Here’s the reality: We humans churn out perhaps a hundred billion pounds of plastic each year, most of it derived from natural gas or petroleum and much of it used for a day or a week or a year and then tossed. That petrochemical flotsam has been accumulating in the great ocean gyres ever since—and not just in the North Pacific—swirling with the vast central currents of ocean circulation and slowly breaking down into smaller, potentially more toxic bits that float anywhere from the surface to many meters down, depending on their native density and how many marine organisms have attached themselves to a rare bit of firm surface in the open sea. It appears to be mixed throughout the global ocean, and tends to accumulate where slow, circular currents dominate the surface flow, such as in the vast center of each of the five major ocean basins.
The immediate toll on sea life is substantial. Whales, seals and great fish are snared by cast-off “ghost” fishing gear, turtles mistake floating plastic bags for jellyfish, and real jellies ingest smaller bits still as though they were so many tiny fish eggs.
In most places, however, the material is diffuse, and visitors to the “patch”—not a large group of people—are surprised at first by how little plastic they see. Lindsey Hoshaw, a young journalist and former student of mine, accompanied Moore to sea in 2009. Her photographs make the point well: we see a few big chunks of plastic in a wide blue sea, many covered with barnacles, algae and other surface organisms, and lots of tiny fragments that you probably wouldn’t notice unless you were looking for them with a plankton net and a microscope.
So, not a garbage island. But here’s one reason why that doesn’t matter: Sea creatures and ocean currents are both by their nature great accumulators and concentrators of diffuse things. The photographic evidence of seabird carcasses found on distant atolls, with tangles of weathered lighters and toothbrush handles gathered from across the open ocean and crammed lethally where their viscera used to be, is much more startling than any island of trash could be, and far too dispiriting to post here. But the deepest damage may be happening at a much finer scale—at the microscopic base of the marine food web. That’s where White works, and in my opinion, that is time very well spent indeed.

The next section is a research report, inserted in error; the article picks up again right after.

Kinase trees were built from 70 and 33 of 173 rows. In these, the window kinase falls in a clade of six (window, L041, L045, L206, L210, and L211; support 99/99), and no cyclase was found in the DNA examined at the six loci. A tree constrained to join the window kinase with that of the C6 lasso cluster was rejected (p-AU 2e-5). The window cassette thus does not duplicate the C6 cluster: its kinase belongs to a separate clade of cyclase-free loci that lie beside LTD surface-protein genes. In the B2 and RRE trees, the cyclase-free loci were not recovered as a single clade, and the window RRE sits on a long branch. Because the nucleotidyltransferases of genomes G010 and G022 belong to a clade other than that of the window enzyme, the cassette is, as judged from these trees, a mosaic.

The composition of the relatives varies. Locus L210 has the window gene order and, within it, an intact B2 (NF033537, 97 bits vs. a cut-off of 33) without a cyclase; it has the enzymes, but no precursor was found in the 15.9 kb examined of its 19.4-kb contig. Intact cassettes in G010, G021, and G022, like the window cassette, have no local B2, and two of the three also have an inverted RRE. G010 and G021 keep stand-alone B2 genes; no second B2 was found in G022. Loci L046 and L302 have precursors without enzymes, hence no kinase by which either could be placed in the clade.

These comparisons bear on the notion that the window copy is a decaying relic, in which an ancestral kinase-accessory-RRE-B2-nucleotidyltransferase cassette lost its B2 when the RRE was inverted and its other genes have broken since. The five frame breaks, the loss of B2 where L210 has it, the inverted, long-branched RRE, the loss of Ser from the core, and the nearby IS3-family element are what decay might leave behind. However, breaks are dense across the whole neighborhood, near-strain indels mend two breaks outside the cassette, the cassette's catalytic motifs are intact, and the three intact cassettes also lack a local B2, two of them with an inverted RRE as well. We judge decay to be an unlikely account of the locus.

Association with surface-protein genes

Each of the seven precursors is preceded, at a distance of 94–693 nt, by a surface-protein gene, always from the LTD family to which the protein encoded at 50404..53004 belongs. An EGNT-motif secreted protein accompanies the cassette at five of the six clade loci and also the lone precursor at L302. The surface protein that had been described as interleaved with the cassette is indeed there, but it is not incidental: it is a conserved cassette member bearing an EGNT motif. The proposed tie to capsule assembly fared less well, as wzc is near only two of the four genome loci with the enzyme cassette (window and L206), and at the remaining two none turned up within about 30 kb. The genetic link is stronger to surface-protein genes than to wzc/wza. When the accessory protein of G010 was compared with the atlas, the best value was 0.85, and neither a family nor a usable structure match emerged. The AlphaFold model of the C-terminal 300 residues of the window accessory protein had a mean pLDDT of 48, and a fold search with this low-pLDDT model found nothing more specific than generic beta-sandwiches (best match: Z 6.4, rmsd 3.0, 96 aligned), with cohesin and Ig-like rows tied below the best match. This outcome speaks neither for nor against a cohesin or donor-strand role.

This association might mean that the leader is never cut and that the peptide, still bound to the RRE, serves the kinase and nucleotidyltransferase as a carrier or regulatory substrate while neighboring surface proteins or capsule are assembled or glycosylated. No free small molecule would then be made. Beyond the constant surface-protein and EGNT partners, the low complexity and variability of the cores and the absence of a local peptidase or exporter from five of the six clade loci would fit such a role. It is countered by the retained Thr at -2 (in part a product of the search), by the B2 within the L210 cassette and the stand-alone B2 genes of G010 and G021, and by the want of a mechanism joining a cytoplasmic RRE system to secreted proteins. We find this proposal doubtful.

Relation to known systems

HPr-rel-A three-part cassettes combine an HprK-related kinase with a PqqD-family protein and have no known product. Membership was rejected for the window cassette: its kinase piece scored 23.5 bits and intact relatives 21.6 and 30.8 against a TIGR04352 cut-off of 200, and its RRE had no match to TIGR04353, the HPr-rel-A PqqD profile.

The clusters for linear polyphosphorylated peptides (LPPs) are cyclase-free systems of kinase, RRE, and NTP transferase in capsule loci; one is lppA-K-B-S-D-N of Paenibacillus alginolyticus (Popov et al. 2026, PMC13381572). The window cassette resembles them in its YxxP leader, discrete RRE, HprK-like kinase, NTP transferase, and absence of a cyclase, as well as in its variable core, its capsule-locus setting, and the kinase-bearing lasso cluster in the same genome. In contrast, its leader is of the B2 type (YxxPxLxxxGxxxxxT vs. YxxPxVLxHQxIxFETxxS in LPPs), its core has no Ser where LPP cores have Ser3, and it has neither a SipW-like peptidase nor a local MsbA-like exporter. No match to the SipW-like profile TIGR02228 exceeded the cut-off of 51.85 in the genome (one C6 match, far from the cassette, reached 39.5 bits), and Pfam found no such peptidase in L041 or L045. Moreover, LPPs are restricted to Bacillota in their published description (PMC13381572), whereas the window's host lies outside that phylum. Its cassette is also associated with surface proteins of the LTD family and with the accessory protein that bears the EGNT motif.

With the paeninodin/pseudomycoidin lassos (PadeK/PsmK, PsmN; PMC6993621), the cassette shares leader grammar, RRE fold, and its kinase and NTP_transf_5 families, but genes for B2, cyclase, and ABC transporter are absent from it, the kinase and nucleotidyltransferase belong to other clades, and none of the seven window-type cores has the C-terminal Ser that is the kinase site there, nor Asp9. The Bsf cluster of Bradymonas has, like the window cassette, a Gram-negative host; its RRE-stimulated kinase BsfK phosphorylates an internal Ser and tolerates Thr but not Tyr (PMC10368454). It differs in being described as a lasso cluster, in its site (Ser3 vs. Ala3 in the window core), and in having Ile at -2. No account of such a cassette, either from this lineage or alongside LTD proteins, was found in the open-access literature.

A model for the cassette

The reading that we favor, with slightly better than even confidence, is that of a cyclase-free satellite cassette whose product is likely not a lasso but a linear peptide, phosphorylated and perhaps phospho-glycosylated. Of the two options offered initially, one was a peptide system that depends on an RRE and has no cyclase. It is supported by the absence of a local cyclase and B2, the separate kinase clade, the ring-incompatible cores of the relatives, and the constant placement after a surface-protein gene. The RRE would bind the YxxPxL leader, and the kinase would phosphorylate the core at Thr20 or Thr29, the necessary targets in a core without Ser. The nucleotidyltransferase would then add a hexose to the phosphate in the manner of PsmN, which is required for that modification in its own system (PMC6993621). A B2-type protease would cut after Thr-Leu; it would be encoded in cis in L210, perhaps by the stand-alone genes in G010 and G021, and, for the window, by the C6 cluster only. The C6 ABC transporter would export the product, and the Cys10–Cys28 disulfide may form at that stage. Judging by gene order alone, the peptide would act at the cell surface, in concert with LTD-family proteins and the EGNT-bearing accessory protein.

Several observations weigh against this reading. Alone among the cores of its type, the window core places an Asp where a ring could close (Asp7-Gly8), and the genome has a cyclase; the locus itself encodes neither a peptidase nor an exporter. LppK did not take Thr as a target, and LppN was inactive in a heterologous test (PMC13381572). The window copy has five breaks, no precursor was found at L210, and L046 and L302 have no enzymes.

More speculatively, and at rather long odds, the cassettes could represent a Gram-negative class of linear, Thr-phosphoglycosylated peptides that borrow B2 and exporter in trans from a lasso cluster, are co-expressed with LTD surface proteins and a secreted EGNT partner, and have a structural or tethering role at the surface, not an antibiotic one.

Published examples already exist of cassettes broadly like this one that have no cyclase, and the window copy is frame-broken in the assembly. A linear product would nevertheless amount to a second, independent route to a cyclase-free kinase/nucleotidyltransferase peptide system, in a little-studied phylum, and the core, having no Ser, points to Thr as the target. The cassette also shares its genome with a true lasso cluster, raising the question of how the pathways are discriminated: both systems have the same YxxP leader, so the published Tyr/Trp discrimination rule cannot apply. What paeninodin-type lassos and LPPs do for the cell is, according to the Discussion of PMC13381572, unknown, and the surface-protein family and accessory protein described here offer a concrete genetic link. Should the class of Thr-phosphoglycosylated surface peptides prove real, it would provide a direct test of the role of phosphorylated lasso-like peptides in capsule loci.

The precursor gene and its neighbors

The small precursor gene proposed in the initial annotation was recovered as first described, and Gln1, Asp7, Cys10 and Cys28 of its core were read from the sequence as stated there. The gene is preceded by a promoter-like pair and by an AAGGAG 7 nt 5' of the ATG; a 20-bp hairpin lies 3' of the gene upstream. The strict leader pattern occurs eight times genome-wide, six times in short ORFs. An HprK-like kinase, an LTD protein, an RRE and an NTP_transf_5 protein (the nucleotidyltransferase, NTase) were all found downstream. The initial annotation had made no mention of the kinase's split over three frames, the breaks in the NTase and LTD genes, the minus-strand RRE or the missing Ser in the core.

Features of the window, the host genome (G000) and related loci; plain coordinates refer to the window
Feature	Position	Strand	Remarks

Ultimately, the descriptive hyperbole is a shame—just as the scientific ignorance was before it. (On that one I’ll take my share of the blame. In a previous lifetime, I spent many hours towing plankton nets through ocean water, and sorting through the captured crud under magnification. I was looking, I hesitate to admit, for fecal pellets—microscopic plankton turds—and had to sort through no small number of plastic chips and flecks along the way. I didn’t have the good sense or imagination then to realize that the plastic debris I tossed aside was more than an impediment to my work.)
But here’s why White’s sad commentary may not hold. As soon as people hear about plastic trash in the oceans, they want to know what they can do to help. Plenty of them want to charter boats to go pick it all up, in fact, which would be a lot easier if it were actually a big island. Filtering the entire ocean is a much harder task, as diffuse problems tend to be, and solving this one will probably mean nothing short of a full rethink of our relationship to plastic. It would certainly help if more scientists threw themselves into searching for solutions, though. And it sure wouldn’t hurt to ban a few more plastic bags. Taking a reusable sack to the grocery store may be less exciting than salvage expeditions on the high seas, but it’s a heck of a lot easier, too.